reduce the need for inorganic fertilizers. Wastewater
can be used to increase the moisture content of
the manure entering the process. However, not
all wastewater can be used this way, and further
treatment is often required.
transform the biogas
(methods of conversion)
(see pages 14 - 16)
(see pages 5 & 11)
(see pages 12,15)
(see pages 10,11)
(see pages 5-7,10,11)
(see page 15)
(see page 11)
(see pages 6,7,10,11)
(see page 10)
(see page 10)
How It Works continued
+Relatively low upfront investment. Simple technology.
Relatively easy operation.
– High use of water. Somewhat fragile biological bal-
ance. Longer processing periods. Wastewater is not
easy to dispose of.
= Most suitable for wet manure, and small to
+ Less water required than in anaerobic methods.
Plumbing of manure not required. Clean handling and
storage. No waste: ash can be used as fertilizer.
– Expensive pollution control equipment and can have
excessive energy losses. Higher upfront investment.
More sophisticated technology may lead to higher
operation and maintenance costs.
= Most suitable for dry manure, and large-scale
+Can produce different forms of energy, such as bio-
gas, steam, and electricity, more efficiently. Plumbing
of manure not required. Waste can be reused.
– Higher upfront investment. More sophisticated
technology may lead to higher operation and
= Most suitable for dry manure, and large-scale
Briquetting / Pressing
+Pellets can be transported easily. Fuel suitable for
different devices. Simple technology. Easy operation.
Low investment. Easily scalable.
– Not presently suitable for high volumes. You would
need to either use all the briquettes or develop a
market on your community.
= Most suitable for dry manure, and small to medium-
Throw a few cow pies on the fire! This is what the in-
cineration technology entails. It is the direct burning of
biomass. In fact, many farms in rural India make manure
cakes to use in cooking. While this is an inexpensive
method, it will have some pollution issues.
However, there are newer and cleaner incineration
systems available. The process, which is at the same time
cutting edge and the oldest one available, involves four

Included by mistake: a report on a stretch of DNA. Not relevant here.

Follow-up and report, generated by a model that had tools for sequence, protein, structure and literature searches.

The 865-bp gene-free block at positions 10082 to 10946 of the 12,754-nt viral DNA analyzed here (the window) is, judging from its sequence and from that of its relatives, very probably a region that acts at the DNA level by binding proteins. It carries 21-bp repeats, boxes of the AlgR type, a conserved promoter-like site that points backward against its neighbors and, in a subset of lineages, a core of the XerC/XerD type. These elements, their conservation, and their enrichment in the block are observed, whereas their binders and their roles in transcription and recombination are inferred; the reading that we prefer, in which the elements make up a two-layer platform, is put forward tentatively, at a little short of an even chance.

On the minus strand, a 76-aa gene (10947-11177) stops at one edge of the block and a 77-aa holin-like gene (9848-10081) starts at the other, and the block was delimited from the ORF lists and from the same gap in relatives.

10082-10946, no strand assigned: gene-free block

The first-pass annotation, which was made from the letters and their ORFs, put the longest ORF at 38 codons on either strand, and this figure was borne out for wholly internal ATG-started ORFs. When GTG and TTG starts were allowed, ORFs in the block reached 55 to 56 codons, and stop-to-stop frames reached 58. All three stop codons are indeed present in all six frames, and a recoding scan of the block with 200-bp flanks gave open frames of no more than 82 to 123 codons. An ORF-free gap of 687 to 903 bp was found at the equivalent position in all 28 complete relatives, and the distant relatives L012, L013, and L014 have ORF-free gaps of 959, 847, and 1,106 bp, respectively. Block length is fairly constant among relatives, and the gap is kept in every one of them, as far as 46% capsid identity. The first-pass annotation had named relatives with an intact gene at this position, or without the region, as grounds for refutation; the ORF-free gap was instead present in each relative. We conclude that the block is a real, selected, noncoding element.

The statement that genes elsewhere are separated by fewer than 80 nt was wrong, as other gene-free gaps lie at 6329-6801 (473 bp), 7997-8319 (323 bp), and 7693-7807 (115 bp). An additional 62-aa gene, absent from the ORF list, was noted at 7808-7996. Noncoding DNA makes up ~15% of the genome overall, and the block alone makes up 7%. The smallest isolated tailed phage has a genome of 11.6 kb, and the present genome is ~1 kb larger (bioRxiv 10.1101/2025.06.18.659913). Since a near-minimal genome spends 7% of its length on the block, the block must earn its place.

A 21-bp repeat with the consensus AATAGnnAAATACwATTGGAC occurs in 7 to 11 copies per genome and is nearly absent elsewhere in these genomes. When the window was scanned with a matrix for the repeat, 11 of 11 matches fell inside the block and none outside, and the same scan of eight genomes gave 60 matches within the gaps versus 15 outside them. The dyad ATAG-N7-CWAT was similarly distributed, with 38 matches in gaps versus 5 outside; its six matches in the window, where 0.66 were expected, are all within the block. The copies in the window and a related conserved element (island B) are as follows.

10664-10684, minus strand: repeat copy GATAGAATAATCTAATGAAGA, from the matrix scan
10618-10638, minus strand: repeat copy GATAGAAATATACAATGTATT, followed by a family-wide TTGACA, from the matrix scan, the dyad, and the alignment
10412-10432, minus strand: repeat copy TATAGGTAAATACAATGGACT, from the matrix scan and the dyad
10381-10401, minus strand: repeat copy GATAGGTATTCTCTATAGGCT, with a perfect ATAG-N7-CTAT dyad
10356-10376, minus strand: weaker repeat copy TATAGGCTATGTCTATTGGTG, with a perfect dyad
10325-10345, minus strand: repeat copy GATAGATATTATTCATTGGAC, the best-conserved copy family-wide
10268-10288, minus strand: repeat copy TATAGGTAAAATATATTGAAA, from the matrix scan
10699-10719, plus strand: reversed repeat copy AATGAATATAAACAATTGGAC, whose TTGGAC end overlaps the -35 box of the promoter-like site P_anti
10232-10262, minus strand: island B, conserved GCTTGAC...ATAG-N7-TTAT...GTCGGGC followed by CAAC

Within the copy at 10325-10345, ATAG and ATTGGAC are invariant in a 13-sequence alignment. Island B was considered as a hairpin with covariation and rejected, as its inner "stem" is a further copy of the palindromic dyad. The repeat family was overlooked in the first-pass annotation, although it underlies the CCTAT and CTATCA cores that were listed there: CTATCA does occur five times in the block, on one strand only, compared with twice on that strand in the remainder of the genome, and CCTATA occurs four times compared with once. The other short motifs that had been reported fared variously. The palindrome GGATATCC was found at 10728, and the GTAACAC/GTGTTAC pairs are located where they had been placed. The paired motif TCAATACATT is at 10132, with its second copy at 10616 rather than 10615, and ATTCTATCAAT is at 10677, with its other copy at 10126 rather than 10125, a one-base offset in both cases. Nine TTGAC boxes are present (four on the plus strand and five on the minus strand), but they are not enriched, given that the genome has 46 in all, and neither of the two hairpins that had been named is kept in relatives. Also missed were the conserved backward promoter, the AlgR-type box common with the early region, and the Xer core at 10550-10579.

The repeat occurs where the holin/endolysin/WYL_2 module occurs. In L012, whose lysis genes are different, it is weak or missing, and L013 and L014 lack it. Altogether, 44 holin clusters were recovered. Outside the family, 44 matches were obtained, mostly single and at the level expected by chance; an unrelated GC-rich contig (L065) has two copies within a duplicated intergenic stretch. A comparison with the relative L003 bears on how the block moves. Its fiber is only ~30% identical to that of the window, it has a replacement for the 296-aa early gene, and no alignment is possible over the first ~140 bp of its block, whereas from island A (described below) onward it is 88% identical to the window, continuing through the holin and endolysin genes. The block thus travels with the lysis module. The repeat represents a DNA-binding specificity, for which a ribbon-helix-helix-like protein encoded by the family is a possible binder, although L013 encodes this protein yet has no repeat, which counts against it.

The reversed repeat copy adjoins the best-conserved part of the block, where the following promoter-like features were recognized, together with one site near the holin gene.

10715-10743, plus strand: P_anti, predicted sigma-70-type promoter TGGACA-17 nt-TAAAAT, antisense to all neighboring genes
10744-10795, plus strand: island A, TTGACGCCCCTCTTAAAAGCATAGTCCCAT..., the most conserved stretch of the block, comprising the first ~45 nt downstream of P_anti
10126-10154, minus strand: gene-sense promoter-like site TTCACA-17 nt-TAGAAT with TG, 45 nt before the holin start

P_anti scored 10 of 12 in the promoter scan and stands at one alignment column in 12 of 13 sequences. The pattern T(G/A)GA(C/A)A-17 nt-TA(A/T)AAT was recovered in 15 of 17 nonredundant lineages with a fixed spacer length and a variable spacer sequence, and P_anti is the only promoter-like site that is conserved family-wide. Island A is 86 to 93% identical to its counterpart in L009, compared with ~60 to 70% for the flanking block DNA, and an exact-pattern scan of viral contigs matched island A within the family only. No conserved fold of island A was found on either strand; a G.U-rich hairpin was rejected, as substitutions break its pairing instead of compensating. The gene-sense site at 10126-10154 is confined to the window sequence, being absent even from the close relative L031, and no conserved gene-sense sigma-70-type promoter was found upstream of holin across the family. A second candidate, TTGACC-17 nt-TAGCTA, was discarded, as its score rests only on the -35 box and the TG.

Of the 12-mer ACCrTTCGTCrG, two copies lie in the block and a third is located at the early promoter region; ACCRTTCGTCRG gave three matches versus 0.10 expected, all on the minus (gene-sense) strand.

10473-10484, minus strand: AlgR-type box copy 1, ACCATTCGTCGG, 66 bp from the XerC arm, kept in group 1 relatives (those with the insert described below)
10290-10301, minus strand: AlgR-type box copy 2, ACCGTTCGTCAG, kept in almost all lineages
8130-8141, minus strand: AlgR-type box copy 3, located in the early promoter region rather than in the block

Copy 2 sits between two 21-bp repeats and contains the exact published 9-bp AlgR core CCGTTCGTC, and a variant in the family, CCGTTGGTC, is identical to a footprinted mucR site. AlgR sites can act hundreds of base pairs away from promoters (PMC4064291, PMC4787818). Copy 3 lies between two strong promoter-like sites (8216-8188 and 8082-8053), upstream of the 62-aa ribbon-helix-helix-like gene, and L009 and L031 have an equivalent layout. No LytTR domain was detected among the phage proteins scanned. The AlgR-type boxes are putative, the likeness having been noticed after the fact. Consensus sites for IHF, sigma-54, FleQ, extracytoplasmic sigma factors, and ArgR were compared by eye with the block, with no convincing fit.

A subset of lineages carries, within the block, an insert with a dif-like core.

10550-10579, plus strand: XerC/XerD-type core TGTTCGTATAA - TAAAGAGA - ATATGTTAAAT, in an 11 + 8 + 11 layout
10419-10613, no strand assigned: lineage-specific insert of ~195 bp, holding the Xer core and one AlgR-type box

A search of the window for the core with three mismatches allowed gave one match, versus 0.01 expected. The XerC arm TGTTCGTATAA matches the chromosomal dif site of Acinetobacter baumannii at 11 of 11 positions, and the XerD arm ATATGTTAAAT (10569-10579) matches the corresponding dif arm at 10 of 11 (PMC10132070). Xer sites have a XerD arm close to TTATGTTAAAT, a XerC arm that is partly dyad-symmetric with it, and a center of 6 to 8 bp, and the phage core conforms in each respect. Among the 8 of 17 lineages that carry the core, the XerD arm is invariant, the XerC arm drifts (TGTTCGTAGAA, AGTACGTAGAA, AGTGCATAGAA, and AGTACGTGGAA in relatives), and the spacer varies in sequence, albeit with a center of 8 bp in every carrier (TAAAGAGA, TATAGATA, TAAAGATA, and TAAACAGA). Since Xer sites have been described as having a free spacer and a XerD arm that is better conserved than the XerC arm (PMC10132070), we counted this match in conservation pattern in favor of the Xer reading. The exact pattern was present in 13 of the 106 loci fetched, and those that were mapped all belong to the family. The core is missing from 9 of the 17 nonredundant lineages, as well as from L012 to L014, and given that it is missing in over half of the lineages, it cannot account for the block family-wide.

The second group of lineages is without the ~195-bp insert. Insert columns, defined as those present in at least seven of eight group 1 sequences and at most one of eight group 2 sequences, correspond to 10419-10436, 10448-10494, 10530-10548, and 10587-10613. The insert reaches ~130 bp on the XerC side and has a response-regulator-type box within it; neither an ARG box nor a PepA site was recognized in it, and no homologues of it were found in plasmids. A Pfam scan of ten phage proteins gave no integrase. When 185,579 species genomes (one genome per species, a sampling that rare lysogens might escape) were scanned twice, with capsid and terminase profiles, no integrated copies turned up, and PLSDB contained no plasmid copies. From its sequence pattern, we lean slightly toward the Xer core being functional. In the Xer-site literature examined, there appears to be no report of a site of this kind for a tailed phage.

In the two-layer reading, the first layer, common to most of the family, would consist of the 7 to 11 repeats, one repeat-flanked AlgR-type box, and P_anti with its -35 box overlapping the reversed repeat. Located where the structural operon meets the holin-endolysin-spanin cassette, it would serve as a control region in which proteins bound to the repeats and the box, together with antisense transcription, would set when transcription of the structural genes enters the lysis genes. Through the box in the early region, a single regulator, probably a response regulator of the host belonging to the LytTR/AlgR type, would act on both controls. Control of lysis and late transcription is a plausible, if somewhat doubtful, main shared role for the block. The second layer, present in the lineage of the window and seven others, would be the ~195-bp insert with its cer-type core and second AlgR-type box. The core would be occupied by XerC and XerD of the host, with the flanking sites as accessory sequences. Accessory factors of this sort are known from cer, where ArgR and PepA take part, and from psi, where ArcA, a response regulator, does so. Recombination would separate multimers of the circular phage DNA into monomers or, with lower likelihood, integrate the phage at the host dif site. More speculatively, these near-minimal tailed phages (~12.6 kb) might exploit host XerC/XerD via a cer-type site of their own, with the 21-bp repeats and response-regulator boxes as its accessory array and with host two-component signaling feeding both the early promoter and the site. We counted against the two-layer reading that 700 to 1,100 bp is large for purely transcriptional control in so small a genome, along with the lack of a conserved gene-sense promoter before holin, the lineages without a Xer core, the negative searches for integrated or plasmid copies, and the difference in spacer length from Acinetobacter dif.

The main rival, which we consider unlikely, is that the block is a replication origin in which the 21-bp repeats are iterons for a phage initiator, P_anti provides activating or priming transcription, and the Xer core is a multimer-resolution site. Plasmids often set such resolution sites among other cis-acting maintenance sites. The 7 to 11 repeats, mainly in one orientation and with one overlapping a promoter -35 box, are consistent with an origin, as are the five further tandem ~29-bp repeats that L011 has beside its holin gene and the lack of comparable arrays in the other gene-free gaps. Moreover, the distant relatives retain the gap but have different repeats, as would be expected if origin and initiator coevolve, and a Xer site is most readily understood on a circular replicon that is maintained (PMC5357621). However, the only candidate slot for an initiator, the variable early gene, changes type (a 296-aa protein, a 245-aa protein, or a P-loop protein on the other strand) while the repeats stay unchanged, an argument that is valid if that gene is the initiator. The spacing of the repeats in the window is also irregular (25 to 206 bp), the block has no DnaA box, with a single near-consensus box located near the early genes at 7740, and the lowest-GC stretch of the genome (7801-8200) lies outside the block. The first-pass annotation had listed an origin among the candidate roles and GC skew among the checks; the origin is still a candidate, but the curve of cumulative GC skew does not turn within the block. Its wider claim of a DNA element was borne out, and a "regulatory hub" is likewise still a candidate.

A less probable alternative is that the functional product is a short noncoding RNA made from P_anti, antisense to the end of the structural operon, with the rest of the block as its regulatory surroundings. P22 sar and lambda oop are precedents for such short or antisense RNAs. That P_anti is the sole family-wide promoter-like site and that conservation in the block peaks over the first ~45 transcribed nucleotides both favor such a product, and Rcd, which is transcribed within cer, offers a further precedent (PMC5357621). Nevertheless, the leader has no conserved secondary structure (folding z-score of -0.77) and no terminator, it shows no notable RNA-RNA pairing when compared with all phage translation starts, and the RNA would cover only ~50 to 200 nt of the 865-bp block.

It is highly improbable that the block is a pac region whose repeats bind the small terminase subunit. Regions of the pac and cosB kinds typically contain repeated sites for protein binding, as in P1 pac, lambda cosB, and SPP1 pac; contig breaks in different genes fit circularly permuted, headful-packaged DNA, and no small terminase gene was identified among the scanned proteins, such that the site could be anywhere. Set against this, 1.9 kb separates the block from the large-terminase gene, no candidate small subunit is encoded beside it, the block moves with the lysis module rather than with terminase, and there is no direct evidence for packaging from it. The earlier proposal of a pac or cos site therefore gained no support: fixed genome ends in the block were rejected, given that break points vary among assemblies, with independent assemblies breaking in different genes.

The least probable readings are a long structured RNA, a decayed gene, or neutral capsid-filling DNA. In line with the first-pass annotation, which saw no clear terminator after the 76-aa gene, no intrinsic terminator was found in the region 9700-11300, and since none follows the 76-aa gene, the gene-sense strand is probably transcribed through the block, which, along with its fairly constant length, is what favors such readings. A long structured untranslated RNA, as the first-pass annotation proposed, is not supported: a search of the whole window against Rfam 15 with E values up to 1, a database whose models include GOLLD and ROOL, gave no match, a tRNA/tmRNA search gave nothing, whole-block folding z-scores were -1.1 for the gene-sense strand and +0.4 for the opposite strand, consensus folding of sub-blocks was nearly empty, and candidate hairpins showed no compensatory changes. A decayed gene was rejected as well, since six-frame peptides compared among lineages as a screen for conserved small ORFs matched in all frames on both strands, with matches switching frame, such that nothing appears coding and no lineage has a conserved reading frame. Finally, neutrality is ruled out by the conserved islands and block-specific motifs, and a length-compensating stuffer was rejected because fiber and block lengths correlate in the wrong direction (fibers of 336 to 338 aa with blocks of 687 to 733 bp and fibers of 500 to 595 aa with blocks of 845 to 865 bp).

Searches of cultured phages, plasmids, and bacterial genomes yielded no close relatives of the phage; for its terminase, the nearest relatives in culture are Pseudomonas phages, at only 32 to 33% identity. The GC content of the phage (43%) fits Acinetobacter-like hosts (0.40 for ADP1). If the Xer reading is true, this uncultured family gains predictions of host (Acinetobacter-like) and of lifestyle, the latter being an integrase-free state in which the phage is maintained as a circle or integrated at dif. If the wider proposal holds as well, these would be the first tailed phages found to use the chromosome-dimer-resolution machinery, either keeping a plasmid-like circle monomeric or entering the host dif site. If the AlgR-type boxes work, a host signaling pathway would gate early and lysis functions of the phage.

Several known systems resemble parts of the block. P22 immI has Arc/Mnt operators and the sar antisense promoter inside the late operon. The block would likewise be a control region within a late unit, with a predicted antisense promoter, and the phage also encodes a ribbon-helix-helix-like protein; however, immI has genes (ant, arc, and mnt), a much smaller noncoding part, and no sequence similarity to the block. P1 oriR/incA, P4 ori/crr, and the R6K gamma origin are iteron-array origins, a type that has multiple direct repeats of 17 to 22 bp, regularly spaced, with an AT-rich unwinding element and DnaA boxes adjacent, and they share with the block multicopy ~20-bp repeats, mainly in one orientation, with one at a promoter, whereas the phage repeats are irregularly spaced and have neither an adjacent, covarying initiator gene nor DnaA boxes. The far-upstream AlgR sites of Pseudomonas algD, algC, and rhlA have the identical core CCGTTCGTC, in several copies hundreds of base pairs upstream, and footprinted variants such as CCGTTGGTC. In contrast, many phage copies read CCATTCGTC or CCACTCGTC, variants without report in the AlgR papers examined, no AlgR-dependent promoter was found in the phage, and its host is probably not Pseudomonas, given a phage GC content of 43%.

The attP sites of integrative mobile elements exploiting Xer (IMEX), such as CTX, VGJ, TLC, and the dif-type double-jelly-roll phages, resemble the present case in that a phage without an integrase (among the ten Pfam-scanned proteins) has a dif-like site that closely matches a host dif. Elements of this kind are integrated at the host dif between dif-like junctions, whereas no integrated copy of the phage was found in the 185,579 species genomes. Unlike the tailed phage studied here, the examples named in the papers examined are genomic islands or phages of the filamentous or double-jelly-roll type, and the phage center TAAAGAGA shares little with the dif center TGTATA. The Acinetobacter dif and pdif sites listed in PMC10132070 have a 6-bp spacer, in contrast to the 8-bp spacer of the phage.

stages: collection, drying, burning, and cogeneration of
heat and electricity.
First, manure is collected and dried. What happens is that
moisture lowers the energy content of manure. Excessive
heat produced by the next step, incineration, can be used
to dry the manure.
The incineration process is very similar to what happens
inside an engine that burns coal to run, like in old trains.
The coal was burned in a stove, which heated a boiler
with water, which in turn powered the locomotive’s engine.
In this case, the steam is used to run a cogenerator that
produces electricity and heat with a high efficiency ratio.
One benefit of the incinerator is that the waste heat can
be used in other ways as well. Also, the payback on in-
vestment can be in less than with other methods, but that
depends on the energy consumption of your farm, and
the quality of the available manure. The remaining ashes
can be used as fertilizer, which makes waste disposal
really easy and a potential source of income.
Gasification has been around since the 19th century.
Before electricity and natural gas were as popular as
they are today, this process was used to produce gas for
lighting and cooking. Through gasification, animal waste
is converted into syngas, which can be used as a fuel to
generate steam, electricity, and heat.
Syngas is produced in a system where little oxygen
is present and the waste material is heated to a high
temperature. One example would be what many people
around the world have done with wood for centuries.
Wood is burnt at a high temperature or superheated, this
is called pyrolysis, which is just basically super heating
organic matter. Some of the wood turns to ash/soot (tars).
The rest is turned into charcoal. This charcoal is much
more efficient than the wood or just incinerating manure.
Char, as it is called, is light weight and is a concentrated
potential energy source. The tar can be used as a fertil-
izer, and char is combusted to form syngas.
4. Pressing Poo into Power
If you plan to use the gasification or incineration technol-
ogy you may want to consider pressing the manure into
briquettes. This might interest you for several reasons:
Briquettes, or pellets, can be easily transported and have
a high energy content relative to their size. If you believe
your local community could be a good market for them,
then briquetting could be a profitable option for you.
Briquetting is one of the least expensive solutions, and